I thought it was only appropriate that I try out some artisanal American cheese, given the recent Wall Street Journal article I just put on the blog. I settled on San Andreas, a farmstead cheese made from sheep’s milk by Bellwether Farms. Talk about an exceptional American cheese! This was actually my predecessor’s favorite. It has won NUMEROUS accolades, including 1st place this year (2009) in the aged sheep’s milk category at the American Cheese Society’s (ACS) annual competition. Past wins include: 2nd place in 2006 in the sheep’s milk cheeses category (ACS), and a Gold Medal in 2006 in the semi-hard ewe’s milk category at the World Cheese Awards in London.
Country of Origin: United States (Sonoma County, California)
Age: at least 2 months
I loved researching Bellwether Farms, the dairy that produces this cheese (but also fromage blanc, Crescenza, Crème fraîche, Carmody and Carmody reserve . . .). The story of its owners is a great example of how people from all backgrounds can find joy and satisfaction from working in cheese. Bellwether Farm was founded in 1986 by Cindy Callahan, a registered nurse. It sounds as though she bought her first sheep to keep the grass cut, and just allowed the sheep-raising, then cheesemaking to flourish from there (oh, how I would love to ask them directly and find out exactly how this happened). In any case, the business is a family affair, as Liam Callahan, Cindy’s son, as well as his wife Diana, are now running the company. Their dairy farm and creamery are located in lush Sonoma County, California.
Bellwether Farms produces a variety of cheeses made from Jersey cow and East Fresian sheep. The San Andreas cheese is inspired from a 1994 visit to Italy to study pecorino cheeses. This delicious cheese is truly the product of a long and involved study of sheep cheese production, and the awards San Andreas has won shows that the Callahans’ hard work has paid off.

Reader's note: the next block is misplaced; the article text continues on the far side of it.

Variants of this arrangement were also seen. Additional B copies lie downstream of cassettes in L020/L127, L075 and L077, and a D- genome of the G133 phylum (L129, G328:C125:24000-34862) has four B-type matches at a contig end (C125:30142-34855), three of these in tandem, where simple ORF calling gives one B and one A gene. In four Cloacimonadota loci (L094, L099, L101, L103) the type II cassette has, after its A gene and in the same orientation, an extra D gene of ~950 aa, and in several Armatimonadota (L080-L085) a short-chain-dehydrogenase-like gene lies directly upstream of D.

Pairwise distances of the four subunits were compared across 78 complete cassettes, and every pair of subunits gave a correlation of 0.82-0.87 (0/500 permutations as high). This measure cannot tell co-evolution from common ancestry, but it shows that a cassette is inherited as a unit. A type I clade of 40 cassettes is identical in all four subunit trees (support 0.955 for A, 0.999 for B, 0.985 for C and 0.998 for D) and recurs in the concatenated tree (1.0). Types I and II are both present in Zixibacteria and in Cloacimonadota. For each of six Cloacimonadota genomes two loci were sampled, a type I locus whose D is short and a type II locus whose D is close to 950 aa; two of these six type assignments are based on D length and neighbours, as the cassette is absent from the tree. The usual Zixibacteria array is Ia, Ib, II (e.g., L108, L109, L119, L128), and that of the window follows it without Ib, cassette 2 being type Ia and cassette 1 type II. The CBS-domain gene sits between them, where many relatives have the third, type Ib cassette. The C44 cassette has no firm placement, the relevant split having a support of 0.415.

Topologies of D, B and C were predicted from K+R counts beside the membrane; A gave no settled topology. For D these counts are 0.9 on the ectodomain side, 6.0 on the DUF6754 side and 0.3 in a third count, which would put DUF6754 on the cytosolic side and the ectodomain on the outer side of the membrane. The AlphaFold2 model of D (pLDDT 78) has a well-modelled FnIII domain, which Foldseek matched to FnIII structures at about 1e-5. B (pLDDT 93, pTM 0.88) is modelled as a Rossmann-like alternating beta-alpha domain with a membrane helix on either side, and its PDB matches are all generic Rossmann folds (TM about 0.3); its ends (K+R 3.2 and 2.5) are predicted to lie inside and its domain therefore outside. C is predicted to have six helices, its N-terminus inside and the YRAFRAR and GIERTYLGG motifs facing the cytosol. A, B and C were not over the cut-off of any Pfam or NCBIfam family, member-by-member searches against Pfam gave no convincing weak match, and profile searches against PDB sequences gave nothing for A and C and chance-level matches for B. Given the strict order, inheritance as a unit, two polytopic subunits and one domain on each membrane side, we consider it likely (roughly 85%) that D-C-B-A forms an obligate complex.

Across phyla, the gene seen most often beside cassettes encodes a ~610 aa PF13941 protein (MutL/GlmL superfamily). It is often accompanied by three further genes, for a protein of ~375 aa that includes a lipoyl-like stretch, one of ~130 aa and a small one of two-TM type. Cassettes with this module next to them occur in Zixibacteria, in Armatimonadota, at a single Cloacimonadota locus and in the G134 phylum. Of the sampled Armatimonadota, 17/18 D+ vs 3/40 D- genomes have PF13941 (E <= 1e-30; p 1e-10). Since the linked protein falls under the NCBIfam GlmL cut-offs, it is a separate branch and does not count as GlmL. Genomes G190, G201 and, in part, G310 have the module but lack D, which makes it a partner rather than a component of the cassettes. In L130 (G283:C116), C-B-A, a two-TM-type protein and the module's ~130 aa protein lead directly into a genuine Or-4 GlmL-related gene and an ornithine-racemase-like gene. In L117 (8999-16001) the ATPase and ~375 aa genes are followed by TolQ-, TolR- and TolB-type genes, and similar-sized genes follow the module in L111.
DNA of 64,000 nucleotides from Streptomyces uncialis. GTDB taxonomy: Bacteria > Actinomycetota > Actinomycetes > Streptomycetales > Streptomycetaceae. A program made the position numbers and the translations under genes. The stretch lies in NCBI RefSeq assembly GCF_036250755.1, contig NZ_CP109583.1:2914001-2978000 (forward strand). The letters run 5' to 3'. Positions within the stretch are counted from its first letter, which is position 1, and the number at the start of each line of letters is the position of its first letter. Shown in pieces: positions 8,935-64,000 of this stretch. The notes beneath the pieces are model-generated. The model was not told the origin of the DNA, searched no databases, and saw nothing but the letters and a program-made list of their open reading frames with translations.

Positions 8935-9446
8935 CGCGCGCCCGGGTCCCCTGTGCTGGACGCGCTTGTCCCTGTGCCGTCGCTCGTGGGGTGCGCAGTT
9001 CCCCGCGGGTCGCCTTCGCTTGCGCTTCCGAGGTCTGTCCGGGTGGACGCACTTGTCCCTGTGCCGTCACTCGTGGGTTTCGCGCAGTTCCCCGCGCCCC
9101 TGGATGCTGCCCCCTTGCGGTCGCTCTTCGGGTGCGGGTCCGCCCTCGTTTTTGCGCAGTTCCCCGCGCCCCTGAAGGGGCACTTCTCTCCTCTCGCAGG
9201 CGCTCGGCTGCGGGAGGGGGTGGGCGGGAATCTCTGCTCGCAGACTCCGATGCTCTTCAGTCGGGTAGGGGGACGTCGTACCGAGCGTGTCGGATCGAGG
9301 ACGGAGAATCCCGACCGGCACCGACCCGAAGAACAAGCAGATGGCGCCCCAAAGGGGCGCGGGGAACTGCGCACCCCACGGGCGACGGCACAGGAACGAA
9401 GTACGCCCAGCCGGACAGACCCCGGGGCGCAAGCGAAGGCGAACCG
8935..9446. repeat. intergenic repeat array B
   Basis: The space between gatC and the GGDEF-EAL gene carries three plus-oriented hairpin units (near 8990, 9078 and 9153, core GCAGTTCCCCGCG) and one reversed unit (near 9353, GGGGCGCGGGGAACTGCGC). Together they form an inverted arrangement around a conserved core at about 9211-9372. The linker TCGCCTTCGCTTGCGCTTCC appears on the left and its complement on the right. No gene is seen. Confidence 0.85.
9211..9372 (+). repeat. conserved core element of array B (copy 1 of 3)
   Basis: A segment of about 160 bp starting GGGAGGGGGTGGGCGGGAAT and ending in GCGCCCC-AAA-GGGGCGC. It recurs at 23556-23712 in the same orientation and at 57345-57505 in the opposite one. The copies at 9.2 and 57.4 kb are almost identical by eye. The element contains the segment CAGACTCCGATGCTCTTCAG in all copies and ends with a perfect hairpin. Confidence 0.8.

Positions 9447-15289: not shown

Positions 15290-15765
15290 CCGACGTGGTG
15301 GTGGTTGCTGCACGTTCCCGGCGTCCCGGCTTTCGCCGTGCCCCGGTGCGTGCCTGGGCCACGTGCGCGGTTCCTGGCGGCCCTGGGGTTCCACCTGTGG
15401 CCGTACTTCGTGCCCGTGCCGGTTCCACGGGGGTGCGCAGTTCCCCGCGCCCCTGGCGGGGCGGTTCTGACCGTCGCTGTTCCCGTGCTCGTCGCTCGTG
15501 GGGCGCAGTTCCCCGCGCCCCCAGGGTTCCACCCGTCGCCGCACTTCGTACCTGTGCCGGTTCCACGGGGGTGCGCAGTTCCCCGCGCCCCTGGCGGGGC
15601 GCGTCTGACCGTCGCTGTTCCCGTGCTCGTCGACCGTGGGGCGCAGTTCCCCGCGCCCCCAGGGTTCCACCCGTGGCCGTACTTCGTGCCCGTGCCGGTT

On to the cheese, shall we? This particular round of cheese arrived at the store in a 3.9 lb. wheel wrapped in white paper. The cheese has rounded edges, and a slight indentation in the center, enough to be able to hold some liquid if you really wanted to. It sports a natural rind of mottled colors with various shades of tan, orange, and brown. The paste is a bright tan color (I suppose that’s possible–bright tan?), at least, it gives me the impression it is glowing. There are small eyes throughout the paste. It appears springy or spongy, actually, and gives slightly if you press on it. The cheese’s aroma is slightly acidic, a bit sour, perhaps with a bit of grassiness and a hint of barnyard.
On to taste, which is quite marvelous! San Andreas starts a bit acidic, but then grows in its refreshing sourness. However, after the acidic element fades away, the more familiar grassy, pastoral flavors more commonly associated with sheep milk cheeses come through. San Andreas’s finish is quite short. In terms of texture, the cheese crumbles easily in your mouth. I would say it shines best as a table cheese, although the Bellwether Farms website does include some recipes featuring San Andreas and its peppercorn peppered sister, Pepato.
The whole sensory experience is quite stunning, frankly. This cheese offers a wonderful, full, complex flavor, and I would highly recommend it.